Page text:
Beyond the technical measures of success such as productivity and efficiency, the resultant social and institutional outcomes of these systems can be assessed based on its achievement of a set of principles, grounded in notions of social and economic justice. Vanek attempted to formulate a unified theory of social systems for industrial democracy and broadly outlined five “fundamental laws” (Novkovic and Sena, 2007).
Human labour will not be treated as a commodity but the very subjects of social participation.
Social groups must participate in determining their collective interests.
Participation must be governed by “the intensity of involvement” e.g. one person, one vote.
The nature and quality of participation need to be governed e.g. workers involved in the production process will be better suited to participate vis-à-vis a shareholder who has never set foot in the factory they own.
The quality of participation will also be determined by the method, frequency and structure of participation.
The analyses of workers’ control in Revolutionary Russia and Republican Spain is expected to produce a set of principles in the same vein as those set out by Vanek. These principles will be developed in view of the espoused ideals of the political groups participating in the discourse of industrial democracy and the realities experienced by the workers themselves.
These two case studies would also shed light on the dynamic between economic democracy and political democracy. During the onset of these social revolutions, Revolutionary Russia and Republican Spain were governed under a system of direct democracy, modelled largely on a syndicalist framework (Anweiler, 1975; Dolgoff, 1990). As their civil wars continued, workers’ control would become increasingly suppressed as the state apparatus became more centralized to effectively respond to conditions of war-induced scarcity and hence greater need for productivity. The development in levels of interaction and autonomy of the soviets and collectives vis-à-vis their superior bodies at the district and national level over time and under evolving political structures will elucidate the optimal political and technical conditions for industrial democracy.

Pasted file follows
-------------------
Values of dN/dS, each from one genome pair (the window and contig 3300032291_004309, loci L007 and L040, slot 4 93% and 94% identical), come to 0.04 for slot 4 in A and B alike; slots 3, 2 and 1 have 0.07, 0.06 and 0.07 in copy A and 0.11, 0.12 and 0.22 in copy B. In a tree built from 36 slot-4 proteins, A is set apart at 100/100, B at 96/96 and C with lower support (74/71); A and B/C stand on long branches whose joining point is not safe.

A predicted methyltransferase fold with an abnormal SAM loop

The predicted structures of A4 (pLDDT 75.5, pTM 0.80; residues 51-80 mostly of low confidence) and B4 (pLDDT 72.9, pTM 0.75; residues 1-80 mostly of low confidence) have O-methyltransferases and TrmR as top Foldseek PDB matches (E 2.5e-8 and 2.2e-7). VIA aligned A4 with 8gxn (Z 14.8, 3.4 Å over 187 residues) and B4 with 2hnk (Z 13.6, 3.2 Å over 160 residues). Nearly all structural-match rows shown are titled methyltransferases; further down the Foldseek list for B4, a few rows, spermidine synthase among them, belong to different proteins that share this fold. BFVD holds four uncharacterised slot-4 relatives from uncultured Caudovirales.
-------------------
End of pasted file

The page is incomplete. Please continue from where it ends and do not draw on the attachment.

The identification and analyses of the four sets of industrial democracy variables will be done using secondary sources in the form of social histories and general accounts of Revolutionary Russia (1917 - 1919) and Republican Spain (1936 - 1937). Historical accounts such as those by Avrich (1963), Rocker (2004) and Dolgoff (1990), have a specific focus on the nature of workers’ self-management during these periods. These accounts, coupled with social histories like those of Leval (1975) and Smith (1983), will hopefully provide adequate material to form the basis for analysis using the framework of industrial democracy as laid out by Poole and Vanek. Accounts and polemics by political leaders and theorists will deepen the context and analysis of said principles.
Anweiler, O. (1975). The soviets. New York: Pantheon Books.
Avrich, P. (1963). The Bolshevik revolution and workers' control in Russian industry.
Dolgoff, S. (1990). The Anarchist collectives. Montréal: Black Rose Books.
Leval, G. (1975). Collectives in The Spanish Revolution. [S.L.]: Pm Pr.
Novkovic, S. and Sena, V. (2007). Cooperative Firms in Global Markets, Volume 10. Burlington: Emerald Group Pub.
Poole, M., Lansbury, R. and Wailes, N. (2001). A Comparative Analysis of Developments in Industrial Democracy. Industrial Relations, 40(3), pp.490-525.
Rocker, R. (2004). Anarcho-syndicalism. Edinburgh: AK.
Smith, S. (1983). Red Petrograd. Cambridge, GBR: Cambridge University Press.